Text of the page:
All these people are extremely vulnerable to coronavirus, Baibakova explains. Homeless people do not have the opportunity to isolate themselves or to observe good hygiene.

“Public spaces where homeless people could stay - sit out the night at a train station, wash their hands in a shopping center toilet - are either closed or try to prevent crowds of people,” the expert says.

“We wrote official appeals from Nochlezhka to the governor of St. Petersburg, to the Department of Labor and Social Protection of Moscow, to the Moscow state shelters, and to the St. Petersburg Committee on Social Policy,” Baibakova continues.

“In our letters, we ask officials for two things: to deploy additional places so that people can isolate for a while, and at least for the duration of a pandemic, to make it easier for people to access state shelters. For example, to state shelters in Moscow, where you can stay around the clock. Only people with documents and the latest registration in Moscow are taken there, and there are very few such people, ”she says.

There has not yet been a response from the authorities, so the funds have to cope on their own. In the "Hangar of Salvation" the tent was divided in two, says Alexandra Shibalina. Now one of the parts is intended for the elderly and infirm who can stay there as long as they want.

The shelters, the heating station and the Nochlezhka night bus continue to receive people, while the premises are equipped with devices that are used to disinfect operating rooms.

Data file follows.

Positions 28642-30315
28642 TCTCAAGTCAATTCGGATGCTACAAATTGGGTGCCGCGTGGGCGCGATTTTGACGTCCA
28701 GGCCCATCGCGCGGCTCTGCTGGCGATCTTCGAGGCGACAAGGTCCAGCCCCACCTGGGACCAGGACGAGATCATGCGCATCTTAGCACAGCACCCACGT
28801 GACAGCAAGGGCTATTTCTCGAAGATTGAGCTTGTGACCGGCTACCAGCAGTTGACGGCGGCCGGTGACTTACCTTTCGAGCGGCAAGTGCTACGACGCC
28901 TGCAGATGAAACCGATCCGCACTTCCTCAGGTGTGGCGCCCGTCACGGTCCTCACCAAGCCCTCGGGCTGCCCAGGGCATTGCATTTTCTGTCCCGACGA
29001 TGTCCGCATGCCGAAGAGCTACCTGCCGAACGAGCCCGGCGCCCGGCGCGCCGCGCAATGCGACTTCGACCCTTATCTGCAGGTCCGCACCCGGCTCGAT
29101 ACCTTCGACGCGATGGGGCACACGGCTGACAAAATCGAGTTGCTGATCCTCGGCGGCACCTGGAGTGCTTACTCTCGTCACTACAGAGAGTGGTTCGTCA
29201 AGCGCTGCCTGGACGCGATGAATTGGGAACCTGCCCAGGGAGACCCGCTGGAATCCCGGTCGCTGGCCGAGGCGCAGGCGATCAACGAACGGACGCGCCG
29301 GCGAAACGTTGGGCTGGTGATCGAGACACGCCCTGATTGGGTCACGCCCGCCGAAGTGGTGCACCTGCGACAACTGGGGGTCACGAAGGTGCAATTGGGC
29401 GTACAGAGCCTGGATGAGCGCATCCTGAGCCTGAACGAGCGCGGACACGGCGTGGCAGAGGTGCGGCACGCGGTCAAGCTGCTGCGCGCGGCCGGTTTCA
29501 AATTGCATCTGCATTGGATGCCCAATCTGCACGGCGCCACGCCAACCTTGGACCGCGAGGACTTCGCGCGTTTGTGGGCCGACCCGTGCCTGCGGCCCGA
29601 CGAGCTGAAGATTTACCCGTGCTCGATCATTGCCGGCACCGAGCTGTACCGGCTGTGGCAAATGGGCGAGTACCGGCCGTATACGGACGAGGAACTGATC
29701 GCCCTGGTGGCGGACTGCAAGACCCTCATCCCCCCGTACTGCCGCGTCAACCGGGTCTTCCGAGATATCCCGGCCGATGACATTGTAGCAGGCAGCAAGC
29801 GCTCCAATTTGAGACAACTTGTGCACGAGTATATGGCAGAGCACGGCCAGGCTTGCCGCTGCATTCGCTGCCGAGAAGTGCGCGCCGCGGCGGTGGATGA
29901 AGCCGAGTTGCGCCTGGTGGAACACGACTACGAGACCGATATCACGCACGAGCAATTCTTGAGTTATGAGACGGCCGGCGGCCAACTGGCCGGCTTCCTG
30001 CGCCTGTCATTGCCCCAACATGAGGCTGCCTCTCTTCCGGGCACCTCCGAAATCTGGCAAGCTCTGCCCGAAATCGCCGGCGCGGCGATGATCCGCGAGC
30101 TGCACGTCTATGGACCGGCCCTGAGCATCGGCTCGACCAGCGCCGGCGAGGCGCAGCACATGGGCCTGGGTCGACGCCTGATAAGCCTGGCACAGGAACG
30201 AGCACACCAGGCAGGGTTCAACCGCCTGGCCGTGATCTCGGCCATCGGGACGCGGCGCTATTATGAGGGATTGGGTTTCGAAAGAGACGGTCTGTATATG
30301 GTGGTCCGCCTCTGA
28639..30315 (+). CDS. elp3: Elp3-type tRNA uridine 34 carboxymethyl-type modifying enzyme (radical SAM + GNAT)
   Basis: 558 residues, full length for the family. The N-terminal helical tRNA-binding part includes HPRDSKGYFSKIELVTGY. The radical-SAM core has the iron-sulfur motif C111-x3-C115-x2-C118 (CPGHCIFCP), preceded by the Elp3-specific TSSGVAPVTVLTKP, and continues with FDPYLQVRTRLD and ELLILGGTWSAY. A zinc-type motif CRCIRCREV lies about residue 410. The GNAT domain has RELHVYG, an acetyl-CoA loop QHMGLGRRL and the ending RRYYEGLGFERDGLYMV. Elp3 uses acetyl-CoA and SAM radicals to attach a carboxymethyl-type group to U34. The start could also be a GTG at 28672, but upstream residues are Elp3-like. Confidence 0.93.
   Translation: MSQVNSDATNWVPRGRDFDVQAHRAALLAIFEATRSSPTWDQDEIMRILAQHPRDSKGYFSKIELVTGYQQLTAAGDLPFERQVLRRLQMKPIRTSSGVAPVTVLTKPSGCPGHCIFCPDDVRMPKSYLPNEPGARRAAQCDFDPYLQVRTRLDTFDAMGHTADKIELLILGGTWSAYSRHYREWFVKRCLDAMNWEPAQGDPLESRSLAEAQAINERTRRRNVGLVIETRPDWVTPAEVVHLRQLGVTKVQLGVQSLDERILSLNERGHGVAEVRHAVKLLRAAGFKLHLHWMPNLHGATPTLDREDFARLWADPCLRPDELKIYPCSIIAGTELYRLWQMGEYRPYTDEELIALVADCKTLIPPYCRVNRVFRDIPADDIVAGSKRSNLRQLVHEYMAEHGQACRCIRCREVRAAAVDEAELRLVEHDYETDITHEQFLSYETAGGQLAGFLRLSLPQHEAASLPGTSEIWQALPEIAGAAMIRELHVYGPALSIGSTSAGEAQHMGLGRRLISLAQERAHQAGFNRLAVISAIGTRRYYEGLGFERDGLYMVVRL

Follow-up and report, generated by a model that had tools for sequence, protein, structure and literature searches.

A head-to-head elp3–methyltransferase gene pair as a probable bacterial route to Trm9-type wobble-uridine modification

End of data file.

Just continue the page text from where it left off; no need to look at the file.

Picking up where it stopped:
As Olga Demicheva from Doctor Lisa's Fair Help told the BBC, the fund has agreed with a hotel chain in Moscow that after sanitizing and providing a negative test for coronavirus, the hotels will accept several homeless people.

The name of Demicheva's network asks not to be published: “I am afraid to frame them, because suddenly it will cause disgust towards them later. We have agreed this way: they will now accept a trial batch of people, a very small one - six people, and in a week, if they see that the property of the hotel does not suffer, they will already open the doors wide for us ”.

In general, Daria Baibakova explains, the amount of aid in a pandemic needs to be increased several times - and it is possible that not only during quarantine, but also for future use: people may have less money due to the crisis.

Someone may no longer be able to rent an apartment, someone will travel from the regions to look for part-time jobs in large cities and may also be on the street.

Homeless people after the coronavirus pandemic in Russia may become larger.

On the subject: Money spoils: how a programmer from Russia became homeless in the USA

London. Self-isolation in hotels

According to the Shelter charity, there are about 300 homeless people in the UK, 9 (and about half of them in London) sleep on the streets.

Homeless people spend the night in the subway, underpasses, shopping centers. In the warm season, they sleep on the street.

These are people who have been released from prison or have lost everything due to family conflicts, alcohol and hard drugs, some are migrants who have not been able to find work and home in the UK.

Charitable organizations work with the homeless: they provide them with clothes and food, on ordinary days this is an established process.